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Finding Peace in Bustling Hong Kong

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Written by Daniel Otero

After all, this had been my fifth-consecutive trip to Hong Kong in 27 years. And don’t get me wrong, I love Hong Kong, but I was never one for the fashions on Causeway Bay or admiring the skyscrapers on King’s Road. Hong Kong is and always will be in my heart of heart, “The Pearl of the Orient”. To be enjoyed in the contemplation of its history [for us nerds], food and for those who enjoy to beauty in an ancient or contemporary temple.

Optimized-Towards HK's Hill Tops

Optimized-HK's historic tram and functioning for over a century

What made Hong Kong special for me were the explorations up Kennedy Road and walking and admiring the views in solitude. Another treat, and it’s been overdone by me, is to get on the historical tram (running for 112 years and counting) and ride it out.

I’ve been one to avoid tourist traps like Disneyland and have been in love with visiting temples, meditating or praying to the Buddha. This made me happier in all my memories of memories.

From the simplistic temple in Tin Hau, it was more of a reference to complete in reverence and meditate. This previous experiences gave me joy!

Optimized-Tin Hau Temple

Although, Hong Kong can be expensive to travel too, and this fact has never changed; what makes me fall in love with this place [all over again] is finding something new. Or a site long in existence which I can see for the first time.

When I come to Hong Kong, I usually stay on Hong Kong Island. Few times due I cross into Lantau or follow into the over-commercialised sector of Kowloon.

But this time, I was being called to Diamond Hill. With all the stresses and pressures of life, I needed to feel inner-peace within city.

This was when I got off and walked five minutes into the Chilin Nunnery and Nanlian Garden. The garden just drew me in and yes, it was a hot day and it didn’t matter. I was happy dealing with something I’d done few times. Visiting a garden or temple to feel relaxed, sit and meditate.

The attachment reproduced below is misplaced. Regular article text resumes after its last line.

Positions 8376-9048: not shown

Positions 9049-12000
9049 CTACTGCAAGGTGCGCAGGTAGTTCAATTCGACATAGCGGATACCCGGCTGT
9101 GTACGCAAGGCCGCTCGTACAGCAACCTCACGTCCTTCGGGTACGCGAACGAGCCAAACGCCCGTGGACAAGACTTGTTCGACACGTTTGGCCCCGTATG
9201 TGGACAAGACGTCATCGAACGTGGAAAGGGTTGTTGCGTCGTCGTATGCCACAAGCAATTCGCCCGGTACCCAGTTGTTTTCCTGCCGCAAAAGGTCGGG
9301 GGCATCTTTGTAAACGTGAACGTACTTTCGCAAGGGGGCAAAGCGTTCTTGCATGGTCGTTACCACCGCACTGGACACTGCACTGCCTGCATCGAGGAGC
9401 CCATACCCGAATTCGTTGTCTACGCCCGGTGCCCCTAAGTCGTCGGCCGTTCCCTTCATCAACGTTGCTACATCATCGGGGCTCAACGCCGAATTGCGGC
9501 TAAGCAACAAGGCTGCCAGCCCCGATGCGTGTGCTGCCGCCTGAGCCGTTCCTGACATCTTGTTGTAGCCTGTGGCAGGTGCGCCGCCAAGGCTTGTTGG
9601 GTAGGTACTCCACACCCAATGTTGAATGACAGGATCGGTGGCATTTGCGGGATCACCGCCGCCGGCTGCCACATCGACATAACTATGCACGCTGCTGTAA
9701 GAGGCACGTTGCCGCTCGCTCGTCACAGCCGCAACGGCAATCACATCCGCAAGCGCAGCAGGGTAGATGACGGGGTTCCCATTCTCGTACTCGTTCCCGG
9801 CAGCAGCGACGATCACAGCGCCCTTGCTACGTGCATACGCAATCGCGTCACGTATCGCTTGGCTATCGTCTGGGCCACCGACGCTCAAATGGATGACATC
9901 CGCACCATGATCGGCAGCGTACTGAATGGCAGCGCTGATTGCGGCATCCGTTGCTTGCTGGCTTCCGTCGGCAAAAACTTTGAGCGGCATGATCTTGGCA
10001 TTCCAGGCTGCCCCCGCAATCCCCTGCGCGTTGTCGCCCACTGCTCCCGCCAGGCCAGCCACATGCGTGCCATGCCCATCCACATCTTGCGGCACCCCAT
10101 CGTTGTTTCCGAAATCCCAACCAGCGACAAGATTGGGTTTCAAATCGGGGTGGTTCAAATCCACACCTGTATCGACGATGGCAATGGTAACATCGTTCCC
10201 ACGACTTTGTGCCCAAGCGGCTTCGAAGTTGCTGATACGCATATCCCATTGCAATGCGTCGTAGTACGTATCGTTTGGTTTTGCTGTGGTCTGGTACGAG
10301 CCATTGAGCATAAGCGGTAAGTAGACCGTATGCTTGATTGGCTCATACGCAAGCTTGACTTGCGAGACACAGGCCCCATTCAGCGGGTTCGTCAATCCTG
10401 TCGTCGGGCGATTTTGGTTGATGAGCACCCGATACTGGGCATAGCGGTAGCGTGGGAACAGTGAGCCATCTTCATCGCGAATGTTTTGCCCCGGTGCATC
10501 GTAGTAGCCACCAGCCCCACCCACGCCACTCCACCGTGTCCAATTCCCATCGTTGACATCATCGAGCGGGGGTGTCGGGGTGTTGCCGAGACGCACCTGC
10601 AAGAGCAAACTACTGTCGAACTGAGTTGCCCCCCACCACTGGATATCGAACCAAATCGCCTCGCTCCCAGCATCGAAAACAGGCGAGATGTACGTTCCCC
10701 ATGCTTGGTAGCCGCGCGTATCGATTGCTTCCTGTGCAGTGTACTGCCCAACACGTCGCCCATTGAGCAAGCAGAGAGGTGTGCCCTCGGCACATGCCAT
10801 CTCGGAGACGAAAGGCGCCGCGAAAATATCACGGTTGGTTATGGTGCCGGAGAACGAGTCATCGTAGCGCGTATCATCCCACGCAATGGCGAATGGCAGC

From the Nunnery, with its gorgeous gold and red-coloured pagoda, hot springs and pond in which the fish are fatter than the people. This place is an easy distraction to find. The architecture is representative of the Song and Qing Dynasties, although the area was established in 1934. The wood from the Garden smells of yellow cedar, inspired and representing the Tang Dynasty.

It felt good coming here, even if it was only to sit and relax for a couple of hours. I was trying to avoid the swamped areas like The Big Buddha and Po Lin Monastery, which would be drowning with tourist; especially during the summer months.

I knew I had made the right choice. So should you, if fashion or high end places aren’t your thing. One thing to consider is the majestic temples of Hong Kong across the Islands and peninsula. Some are simple and others can leave you breathless with beauty and peace. This is what travelling is all about, exploration and finding your nirvana.

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About the author

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Daniel Otero

A New Yorker who has been living in China for the past seven years. Former member of the military with extensive travel and living experiences throughout different countries.
Lover of life, good food, travel, writing and dealing with social issues.

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